The Book of James has been called “The Proverbs of the New Testament”. I read a chapter in James along with my daily reading of Proverbs.
Over the next several days I will be posting a daily devotional blog from my study in the Book of James. We will spend two or three days (maybe more in some cases) in each chapter – so it may take us a few weeks to get through it. These posts will also be used for episodes of the Contend Podcast in the near future. I pray that this series will be a help and encouragement to you.
A Salutation, A Situation, and A Solution (1:1-12)
James, as the author of this book, offers his greetings “to the twelve tribes which are scattered abroad.” This “folksy” greeting is quickly followed by something that is far less intriguing. He tells the reader to be happy when they fall into temptation. To us, temptation is a bad thing (which is true), but remember: the fact that you are tempted is not sin – it’s the yielding to temptation that is sin. Christ Himself was tempted in Matthew 4.
James is quick to offer his reason for rejoicing in the midst of temptation. He points out that “the trying of your faith worketh patience.” He continues in stating that patience’s work is what helps us become entire and complete.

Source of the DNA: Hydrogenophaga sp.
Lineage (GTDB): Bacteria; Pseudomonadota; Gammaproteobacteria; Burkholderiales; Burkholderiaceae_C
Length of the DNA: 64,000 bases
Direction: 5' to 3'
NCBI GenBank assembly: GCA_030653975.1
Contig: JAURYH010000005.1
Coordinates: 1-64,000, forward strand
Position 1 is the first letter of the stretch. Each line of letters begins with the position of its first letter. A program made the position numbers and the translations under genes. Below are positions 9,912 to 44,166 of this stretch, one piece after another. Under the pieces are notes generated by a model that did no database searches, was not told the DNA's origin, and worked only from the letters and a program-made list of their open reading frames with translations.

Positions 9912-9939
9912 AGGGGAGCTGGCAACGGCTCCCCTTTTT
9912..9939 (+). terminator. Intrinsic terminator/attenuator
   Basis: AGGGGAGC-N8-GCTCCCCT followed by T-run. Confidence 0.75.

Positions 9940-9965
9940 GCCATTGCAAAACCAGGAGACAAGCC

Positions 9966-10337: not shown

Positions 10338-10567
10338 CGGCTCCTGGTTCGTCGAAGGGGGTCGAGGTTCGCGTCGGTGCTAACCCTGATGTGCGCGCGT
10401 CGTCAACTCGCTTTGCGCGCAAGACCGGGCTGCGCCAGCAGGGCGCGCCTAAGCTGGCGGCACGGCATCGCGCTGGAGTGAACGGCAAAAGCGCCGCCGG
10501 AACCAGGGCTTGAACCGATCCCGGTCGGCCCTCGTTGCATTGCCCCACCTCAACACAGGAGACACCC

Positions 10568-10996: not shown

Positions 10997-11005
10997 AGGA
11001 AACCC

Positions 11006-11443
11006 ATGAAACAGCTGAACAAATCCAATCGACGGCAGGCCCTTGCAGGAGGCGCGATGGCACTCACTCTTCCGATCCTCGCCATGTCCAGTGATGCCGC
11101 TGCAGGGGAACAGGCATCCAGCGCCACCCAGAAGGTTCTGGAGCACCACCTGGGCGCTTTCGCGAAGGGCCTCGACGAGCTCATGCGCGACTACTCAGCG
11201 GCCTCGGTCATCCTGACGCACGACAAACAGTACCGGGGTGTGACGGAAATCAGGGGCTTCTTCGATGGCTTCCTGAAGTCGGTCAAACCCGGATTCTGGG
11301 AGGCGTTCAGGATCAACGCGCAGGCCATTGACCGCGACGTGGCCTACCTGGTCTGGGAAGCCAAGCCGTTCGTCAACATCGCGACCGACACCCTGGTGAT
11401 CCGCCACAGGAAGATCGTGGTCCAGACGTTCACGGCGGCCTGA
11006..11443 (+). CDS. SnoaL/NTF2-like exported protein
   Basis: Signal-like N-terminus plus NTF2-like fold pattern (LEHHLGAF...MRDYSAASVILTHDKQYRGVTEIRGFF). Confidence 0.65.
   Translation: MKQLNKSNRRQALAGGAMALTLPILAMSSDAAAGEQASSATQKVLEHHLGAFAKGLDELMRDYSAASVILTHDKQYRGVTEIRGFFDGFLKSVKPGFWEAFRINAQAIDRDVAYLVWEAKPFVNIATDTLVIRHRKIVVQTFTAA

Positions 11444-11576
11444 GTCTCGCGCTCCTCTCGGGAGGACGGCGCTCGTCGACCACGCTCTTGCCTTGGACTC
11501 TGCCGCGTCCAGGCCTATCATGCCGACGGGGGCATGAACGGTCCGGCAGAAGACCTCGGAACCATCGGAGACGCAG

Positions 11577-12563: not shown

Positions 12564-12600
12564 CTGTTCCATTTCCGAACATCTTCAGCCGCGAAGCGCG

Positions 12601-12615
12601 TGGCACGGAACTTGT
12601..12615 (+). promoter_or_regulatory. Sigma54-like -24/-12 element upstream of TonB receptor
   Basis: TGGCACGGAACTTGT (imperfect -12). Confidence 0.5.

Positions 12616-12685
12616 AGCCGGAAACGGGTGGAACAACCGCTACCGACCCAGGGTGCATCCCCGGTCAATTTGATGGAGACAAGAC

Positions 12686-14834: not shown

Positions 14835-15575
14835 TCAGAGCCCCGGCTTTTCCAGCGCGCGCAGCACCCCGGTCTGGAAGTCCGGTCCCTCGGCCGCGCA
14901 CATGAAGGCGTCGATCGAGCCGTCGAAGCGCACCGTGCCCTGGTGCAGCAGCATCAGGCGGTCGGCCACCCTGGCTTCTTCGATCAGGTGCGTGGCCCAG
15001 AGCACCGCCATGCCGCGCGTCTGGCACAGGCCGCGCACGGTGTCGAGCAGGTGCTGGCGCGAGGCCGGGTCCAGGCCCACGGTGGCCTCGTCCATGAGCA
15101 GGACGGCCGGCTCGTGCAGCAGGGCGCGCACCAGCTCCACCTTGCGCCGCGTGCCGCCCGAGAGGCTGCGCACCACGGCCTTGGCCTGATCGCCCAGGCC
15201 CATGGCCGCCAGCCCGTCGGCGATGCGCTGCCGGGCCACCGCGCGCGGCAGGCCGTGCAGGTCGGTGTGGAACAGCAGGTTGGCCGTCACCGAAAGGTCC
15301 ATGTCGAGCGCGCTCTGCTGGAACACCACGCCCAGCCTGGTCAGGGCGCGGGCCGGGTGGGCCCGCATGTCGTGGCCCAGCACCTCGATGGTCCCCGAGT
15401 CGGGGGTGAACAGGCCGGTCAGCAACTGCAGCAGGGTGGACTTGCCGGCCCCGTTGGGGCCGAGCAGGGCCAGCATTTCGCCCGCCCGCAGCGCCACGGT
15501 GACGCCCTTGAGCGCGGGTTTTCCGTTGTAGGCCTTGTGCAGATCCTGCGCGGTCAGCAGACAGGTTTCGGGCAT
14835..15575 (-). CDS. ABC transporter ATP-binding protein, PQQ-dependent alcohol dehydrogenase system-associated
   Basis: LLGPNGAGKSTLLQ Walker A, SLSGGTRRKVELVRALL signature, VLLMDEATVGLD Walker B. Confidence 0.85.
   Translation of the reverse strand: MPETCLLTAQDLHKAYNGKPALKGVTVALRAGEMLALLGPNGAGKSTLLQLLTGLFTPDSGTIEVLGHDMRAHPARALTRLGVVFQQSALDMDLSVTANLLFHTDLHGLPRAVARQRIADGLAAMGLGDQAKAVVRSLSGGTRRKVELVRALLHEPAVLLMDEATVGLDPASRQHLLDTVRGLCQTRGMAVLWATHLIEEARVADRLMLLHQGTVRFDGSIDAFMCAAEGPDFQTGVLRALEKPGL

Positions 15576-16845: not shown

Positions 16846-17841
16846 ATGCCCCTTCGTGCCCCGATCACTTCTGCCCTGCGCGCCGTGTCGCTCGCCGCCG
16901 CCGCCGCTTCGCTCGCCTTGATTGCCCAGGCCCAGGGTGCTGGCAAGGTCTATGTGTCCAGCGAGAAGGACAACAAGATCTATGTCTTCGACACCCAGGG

After he establishes the importance of patience, he quickly pivots to something we see in perfect conjunction with Solomon in the Book of Proverbs – wisdom. I find it extremely interesting to note that God says that, if we lack wisdom, the way to get it is to simply ask! What a thought: that all we need to do to be wise is to ask God for wisdom. James tells us something very important about asking in the next verse. He tells us that we must “ask in faith”
Faith in the Christian life is as equally important as wisdom, for it is faith that unlocks the door to wisdom. James continues with an important fact about wavering as he tells that someone who wavers will not receive the things that he asks for and also that he is “unstable in all his ways”.
As he wraps up this opening section of chapter 1, James leaves the reader with a great thought. He states, “Blessed is the man that endureth temptation: for when he is tried, he shall receive the crown of life, which the Lord hath promised to them that love him.” It’s wonderful to think that if we follow the prescription in the earlier verses – accept temptation, let our patience be worked, ask for wisdom, and have faith – then we will be able to “pass the test” so to speak and also receive a crown from the Lord.